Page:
Harry Pierson comments here and here about "stuff he didn't know about WF". Pay attention; some good tidbits of knowledge you'll find in there. Pay particular attention when he says which features of WF as implemented on V1 are "toys"; it will save you a lot of grief down the road.

This is something that, as much as I like WF, I feel very strongly about, and I've had some discussions (not very succesful, mind you) on this topic in the past. I understand the fact that there are limitations on what could be implemented for a V1 product, and I do understand that because of the extensible and host-agnostic architecture of WF it was difficult to provide anymore out of the box for V1. I do fully recognize the goodness in the WF architecture (there is a lot to like, really). However, that was never my point.

You know, it's fine if that was the intention, really. What I really don't like is that if indeed those services were merely examples/toys intented to show they should have never been part of the core product in the first place. As Harry correctly points out, they should've been samples included in the SDK will full source code (what good is an example binary assembly with no code, reflector notwithstanding?).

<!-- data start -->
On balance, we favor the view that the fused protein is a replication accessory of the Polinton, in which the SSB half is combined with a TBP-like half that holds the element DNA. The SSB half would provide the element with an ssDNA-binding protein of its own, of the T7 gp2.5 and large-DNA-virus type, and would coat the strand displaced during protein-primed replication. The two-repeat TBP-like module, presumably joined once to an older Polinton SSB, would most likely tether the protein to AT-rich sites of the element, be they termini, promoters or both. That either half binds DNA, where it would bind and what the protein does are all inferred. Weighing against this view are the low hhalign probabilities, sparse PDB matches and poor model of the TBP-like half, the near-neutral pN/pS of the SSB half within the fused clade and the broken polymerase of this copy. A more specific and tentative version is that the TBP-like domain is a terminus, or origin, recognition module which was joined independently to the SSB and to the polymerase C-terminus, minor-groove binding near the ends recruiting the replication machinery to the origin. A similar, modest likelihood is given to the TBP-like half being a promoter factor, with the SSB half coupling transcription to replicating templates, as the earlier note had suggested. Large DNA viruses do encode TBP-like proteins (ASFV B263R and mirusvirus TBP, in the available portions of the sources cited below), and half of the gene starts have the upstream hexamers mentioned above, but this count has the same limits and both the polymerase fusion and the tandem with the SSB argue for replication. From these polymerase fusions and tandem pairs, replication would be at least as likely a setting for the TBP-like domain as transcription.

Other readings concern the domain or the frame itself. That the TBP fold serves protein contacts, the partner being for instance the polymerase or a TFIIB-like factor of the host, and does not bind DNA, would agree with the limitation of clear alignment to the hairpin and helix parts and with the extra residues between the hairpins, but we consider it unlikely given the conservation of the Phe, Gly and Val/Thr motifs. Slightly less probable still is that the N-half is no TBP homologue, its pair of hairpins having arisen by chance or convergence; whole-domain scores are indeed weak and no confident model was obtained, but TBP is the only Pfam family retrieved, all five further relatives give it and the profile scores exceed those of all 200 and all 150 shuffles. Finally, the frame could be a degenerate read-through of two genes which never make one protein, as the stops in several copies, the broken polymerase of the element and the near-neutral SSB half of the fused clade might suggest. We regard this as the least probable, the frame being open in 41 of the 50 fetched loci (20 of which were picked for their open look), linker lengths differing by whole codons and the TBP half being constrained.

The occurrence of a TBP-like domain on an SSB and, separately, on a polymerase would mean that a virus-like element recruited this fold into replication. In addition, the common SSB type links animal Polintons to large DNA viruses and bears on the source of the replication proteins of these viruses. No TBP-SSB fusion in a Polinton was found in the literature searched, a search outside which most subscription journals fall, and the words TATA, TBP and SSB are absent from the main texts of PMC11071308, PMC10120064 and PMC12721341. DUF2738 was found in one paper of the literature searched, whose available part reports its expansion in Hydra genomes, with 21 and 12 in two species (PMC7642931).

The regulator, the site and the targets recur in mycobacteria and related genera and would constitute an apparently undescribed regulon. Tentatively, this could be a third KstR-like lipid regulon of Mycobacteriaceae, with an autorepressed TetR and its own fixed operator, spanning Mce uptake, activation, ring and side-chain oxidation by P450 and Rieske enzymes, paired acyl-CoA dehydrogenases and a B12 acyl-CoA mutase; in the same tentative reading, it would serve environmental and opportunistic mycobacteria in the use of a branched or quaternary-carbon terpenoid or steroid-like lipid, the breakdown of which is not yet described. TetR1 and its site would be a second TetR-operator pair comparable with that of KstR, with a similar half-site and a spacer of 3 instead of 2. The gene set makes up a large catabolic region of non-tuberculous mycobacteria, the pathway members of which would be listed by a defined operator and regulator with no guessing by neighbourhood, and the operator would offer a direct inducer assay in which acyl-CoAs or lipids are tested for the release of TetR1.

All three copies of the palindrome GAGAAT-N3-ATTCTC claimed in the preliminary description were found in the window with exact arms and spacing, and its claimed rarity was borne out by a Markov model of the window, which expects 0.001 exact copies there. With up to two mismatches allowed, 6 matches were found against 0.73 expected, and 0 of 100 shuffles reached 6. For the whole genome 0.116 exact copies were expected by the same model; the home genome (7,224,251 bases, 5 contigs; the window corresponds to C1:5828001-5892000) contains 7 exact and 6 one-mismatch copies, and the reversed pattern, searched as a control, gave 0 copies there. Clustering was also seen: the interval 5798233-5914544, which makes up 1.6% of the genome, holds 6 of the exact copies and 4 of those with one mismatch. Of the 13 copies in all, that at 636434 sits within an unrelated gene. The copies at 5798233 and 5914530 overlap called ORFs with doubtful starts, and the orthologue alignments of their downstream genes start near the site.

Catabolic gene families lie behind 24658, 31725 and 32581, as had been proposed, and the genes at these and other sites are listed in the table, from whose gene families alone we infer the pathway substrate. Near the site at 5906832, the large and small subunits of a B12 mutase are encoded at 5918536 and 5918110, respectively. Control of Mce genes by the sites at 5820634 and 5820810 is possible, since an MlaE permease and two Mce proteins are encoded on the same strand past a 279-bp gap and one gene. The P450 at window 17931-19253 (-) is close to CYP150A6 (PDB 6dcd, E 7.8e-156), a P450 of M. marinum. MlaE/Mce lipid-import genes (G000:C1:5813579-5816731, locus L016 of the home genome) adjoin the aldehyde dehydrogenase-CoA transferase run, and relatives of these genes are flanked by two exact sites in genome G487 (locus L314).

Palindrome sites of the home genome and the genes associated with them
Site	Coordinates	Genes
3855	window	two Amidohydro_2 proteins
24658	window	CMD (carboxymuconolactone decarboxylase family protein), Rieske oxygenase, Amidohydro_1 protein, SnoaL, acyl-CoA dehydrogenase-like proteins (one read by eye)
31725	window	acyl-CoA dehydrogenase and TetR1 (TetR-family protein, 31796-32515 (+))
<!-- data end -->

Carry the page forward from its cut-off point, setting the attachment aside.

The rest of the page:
Making them part of the core product is, frankly, deceiving and will cause many people to think they are production ready services they can fully rely on for real world scenarios (and yes, that includes things like multi-server/cluster/load-balanced deployments and the like; those are must-have features for a product of this kind, imho), particularly since the documentation doesn't say outright what the limitations of them are.

It never hurts to ask again :-)


Tomas Restrepo

Software developer located in Colombia. Sr. PFE at Microsoft.